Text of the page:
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Laura A. Ball
Special to the DailySean Costello

Sean Costello has the heart of a blues man, even when he’s not playing the blues. And lately he’s been trying on all sorts of styles for size.Best known for the way he coaxes his guitar into smooth blues riffs, the 25-year-old is breaking out of his shell on his fourth and self-titled album (Tone Cool/Artemis). He’s caught a lot of slack for being so young and singing the blues, but Costello believes people are misinformed. He said music is music. Whether you’re young, old, black, white, male or female, it’s about emotion. Music is music and Costello’s always been a smokin’ guitarist, but with age, the Atlanta native is gaining a perspective that is changing his music – for the better.There was a time, early in his career, when Costello (no relation to Elvis Costello) would play only blues. He was hot-headed and young. He wanted to follow in the foot steps of his heroes and maintain the blues fundamentals of the golden era of records from the ’50 and ’60s. “I was close-minded. As I’ve gotten older, I’ve appreciated other music. A lot of ground has been broken in a lot of different areas, and I think we should mix as much as we can to create new music,” he said.

The 13-track album carries elements of blues with lots of soul, r&b, rock’n’roll and gospel. He does a soulful version of Bob Dylan’s “Simple Twist of Fate” backed by drummer Levon Helm of The Band. He gets funky with Al Green’s “I’m a Ram,” featuring Mark Pender’s stupendous trumpet playing and Glenn Patscha on the Hammond organ. Costello wrote seven of the tracks, including “Father,” a desperate and soulful, muddy ballad, “Don’t Pass Me By,” a sentimental bluesy love letter, and “All I Can Do,” a sweet jazz number.”The album’s more original, more fresh. It’s more me. That’s why it’s self titled. It’s not soul. It’s not blues. It’s not jazz. It’s my interpretation of American music. I tried to emulate classic blues and r&b people on my other records, and this was me. It’s more of a personal statement and less me trying to create something that’s been done.”Costello got into old blues records as a kid. He remembers hearing Howlin’ Wolf for the first time and loving it. The intensity of the music and the sound of the voice and the guitar struck a nerve with the then-11-year-old Costello. At that time, it was the most emotionally direct music he had ever heard, he said, because it was real music with real passion. He continued to play the blues and stepped into the public eye when he and his band joined Susan Tedeschi just after Costello graduated from high school. After a couple years of playing with Tedeschi and playing everyone else’s music, he felt the need to do his own thing.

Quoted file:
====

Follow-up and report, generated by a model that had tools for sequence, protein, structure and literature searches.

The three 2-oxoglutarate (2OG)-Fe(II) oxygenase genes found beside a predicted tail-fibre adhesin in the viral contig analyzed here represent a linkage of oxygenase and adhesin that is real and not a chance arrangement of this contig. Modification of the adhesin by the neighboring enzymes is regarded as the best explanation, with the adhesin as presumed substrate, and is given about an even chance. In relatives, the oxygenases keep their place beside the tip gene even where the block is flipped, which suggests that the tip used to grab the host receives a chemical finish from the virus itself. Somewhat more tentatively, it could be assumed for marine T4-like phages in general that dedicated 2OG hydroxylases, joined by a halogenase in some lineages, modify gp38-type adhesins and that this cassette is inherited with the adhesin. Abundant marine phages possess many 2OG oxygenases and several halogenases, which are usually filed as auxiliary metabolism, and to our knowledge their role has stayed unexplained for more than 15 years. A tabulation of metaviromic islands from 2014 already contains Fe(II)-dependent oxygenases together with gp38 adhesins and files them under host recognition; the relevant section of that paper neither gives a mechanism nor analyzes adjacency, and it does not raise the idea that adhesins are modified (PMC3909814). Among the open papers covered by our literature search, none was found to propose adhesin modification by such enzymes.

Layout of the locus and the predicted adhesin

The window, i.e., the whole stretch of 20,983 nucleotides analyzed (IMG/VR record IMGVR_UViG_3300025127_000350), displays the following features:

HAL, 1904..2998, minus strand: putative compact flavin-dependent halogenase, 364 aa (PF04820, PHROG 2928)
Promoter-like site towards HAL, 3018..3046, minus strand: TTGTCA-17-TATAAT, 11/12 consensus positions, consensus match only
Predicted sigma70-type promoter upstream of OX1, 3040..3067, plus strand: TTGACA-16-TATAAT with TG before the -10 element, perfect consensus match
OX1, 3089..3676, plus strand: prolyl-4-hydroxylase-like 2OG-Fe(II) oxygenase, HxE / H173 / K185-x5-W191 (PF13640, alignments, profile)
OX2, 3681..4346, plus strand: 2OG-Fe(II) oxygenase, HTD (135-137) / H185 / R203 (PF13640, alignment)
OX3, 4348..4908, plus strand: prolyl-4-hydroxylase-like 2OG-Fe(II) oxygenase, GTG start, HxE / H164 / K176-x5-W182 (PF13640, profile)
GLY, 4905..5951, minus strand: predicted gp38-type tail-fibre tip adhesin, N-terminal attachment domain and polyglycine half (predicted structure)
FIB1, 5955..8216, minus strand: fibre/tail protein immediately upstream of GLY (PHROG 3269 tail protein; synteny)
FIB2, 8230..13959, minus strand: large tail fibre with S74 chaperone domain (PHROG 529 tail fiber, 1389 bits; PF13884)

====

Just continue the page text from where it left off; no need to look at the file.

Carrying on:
Four albums later, he has much to say as a musician. His music maintains the truthful emotion of blues no matter what he’s playing. It’s the same reason he hasn’t written a song in months. He waits for inspiration to come to him. He tells a personal story. It’s not contrived or unfelt.”I’m trying to focus on my songwriting more. I’m comfortable with my playing and singing. If I can bring that up to the same level, I think I’d be pretty good. It’s gratifying to play your own songs.”He gets frustrated that these days anyone can be made into a superstar musician and without even being able to sing or play. “Why should people be listening to Jennifer Lopez when there are so many starving artists that have unbelievable talent,” he asked.

The music industry, he said, answering his own question, is spending big bucks on these pop sensations and that’s what kids are exposed to. Costello would like to see new music, real music reach the masses, while being able to make a living as a musician and not so much by the skin of his teeth.”I’d like to be playing music and people are coming to see me and hear my songs. I’d like to have an audience that knows my material. My ultimate goal is to make a record every year, have a tour bus and play in thousand-seat halls.”Staff Writer Laura A. Ball can be reached at 949-0555, ext. 619, or, Colorado

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